Nallely Ramirez was born in Healdsburg and grew up in Windsor. Since graduating from UC Santa Cruz, she has worked as a bilingual case worker with Legal Aid Sonoma County, helping survivors of domestic violence obtain needed services, compose and file necessary paperwork, and navigate the sometimes confusing court system—basically getting them to the stage of a hearing, at which point an attorney takes over their case.
“I think having that bilingual aspect to the work that we do changes a lot of lives,” says Nallely, who before joining Legal Aid had also assisted survivors of domestic violence at the YWCA and the Family Justice Center.
“Working with people in trauma, it’s something that I’ve been doing for some time now,” she explains. “I knew this was something I could do, something I liked doing, and it was something I wanted to expand on.”
Noting the importance of mental health support for the clients she worked with, she also confronted the dearth of accessible services available to them.
“That’s when it gets really hard. Where do you refer clients, without them having to pay? Or when it’s not a good fit, where else can you send a client?”
Nallely began looking around for programs through which she could develop her career to directly serve Sonoma County’s vulnerable Latinx population.
She applied and was accepted to the three-year advanced degree in Marriage and Family Therapy at USF Santa Rosa. She then secured a full tuition scholarship from Healthcare Foundation’s Mental Health Talent Pipeline project to make it a reality. She starts her studies this fall.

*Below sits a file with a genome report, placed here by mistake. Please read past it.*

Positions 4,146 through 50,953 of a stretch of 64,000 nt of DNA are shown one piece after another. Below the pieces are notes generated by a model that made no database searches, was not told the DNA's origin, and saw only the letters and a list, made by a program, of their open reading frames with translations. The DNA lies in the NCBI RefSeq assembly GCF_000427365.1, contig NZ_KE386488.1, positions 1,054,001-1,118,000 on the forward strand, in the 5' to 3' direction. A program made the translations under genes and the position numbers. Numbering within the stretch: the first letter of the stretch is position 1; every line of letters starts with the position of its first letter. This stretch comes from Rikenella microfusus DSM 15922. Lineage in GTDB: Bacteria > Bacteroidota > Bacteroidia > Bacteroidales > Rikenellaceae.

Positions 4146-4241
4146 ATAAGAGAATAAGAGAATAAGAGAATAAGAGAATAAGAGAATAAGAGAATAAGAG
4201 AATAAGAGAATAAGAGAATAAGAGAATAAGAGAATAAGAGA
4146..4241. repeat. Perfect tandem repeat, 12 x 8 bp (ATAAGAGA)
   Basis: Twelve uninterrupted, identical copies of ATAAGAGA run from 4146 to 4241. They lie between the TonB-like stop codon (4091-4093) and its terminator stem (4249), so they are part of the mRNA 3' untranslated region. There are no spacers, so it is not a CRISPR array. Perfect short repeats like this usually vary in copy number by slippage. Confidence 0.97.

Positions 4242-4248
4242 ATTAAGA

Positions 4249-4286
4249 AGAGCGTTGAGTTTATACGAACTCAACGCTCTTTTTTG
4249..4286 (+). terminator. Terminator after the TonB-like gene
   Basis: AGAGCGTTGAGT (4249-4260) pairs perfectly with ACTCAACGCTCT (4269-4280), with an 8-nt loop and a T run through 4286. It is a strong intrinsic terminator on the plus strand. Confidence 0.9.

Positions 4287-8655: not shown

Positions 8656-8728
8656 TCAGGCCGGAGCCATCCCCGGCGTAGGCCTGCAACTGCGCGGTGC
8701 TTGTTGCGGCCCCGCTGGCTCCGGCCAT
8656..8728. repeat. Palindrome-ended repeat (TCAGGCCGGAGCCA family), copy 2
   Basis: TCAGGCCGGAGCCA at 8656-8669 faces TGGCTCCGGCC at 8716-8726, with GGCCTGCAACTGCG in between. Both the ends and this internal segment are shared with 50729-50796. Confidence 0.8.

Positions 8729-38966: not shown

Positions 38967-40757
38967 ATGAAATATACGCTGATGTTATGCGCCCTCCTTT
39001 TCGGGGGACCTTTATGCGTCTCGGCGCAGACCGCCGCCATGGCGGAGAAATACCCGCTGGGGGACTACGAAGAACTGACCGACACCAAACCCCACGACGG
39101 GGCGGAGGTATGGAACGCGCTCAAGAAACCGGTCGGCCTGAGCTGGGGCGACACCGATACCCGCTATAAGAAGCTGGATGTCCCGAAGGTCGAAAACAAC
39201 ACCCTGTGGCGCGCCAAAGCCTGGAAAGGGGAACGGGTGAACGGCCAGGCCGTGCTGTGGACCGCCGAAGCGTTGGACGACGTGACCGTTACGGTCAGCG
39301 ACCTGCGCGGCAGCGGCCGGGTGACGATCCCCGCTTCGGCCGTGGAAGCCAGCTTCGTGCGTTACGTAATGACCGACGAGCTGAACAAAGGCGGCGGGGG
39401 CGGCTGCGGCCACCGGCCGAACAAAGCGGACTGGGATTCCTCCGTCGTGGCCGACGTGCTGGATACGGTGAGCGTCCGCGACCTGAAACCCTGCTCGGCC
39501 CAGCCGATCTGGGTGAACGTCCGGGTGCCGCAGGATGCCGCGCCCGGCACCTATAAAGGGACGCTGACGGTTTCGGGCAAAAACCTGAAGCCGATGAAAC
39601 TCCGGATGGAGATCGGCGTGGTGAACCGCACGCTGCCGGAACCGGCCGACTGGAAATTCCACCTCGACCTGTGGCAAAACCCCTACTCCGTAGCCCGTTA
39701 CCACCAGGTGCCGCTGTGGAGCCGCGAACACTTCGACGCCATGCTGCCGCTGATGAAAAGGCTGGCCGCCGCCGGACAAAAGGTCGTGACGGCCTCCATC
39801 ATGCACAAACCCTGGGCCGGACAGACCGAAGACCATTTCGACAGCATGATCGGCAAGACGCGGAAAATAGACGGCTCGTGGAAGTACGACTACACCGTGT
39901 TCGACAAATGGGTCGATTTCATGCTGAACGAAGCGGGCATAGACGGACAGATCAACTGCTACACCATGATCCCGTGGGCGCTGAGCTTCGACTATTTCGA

“That’s why the Mental Health Talent Pipeline project scholarship is so important,” she says. “It’s providing this opportunity to continue working in the nonprofit sector to provide free services, without having to worry about paying back loans or having to worry about bills and things like that. Rather, I can pursue my education, and I can go right into working and providing these services that are really needed in this county.”
Nallely sees her career path as part of a much needed change in the culture around mental health.
“When I was growing up, mental health wasn’t something that was brought up with anybody, whether it was the school or my family, it just wasn’t something that was talked about,” she remembers. “Culturally, if you were anxious, it was, ‘Oh, you have nervios.’ That’s how you would say it in Spanish. ‘Oh, you’re just nervous.’”
“That’s always been something in the back of my mind,” she admits. “Now that I’m older, to be able to see how stigmatized mental health was, and the importance of access to mental health education—it really does make a difference in a lot of people’s lives.”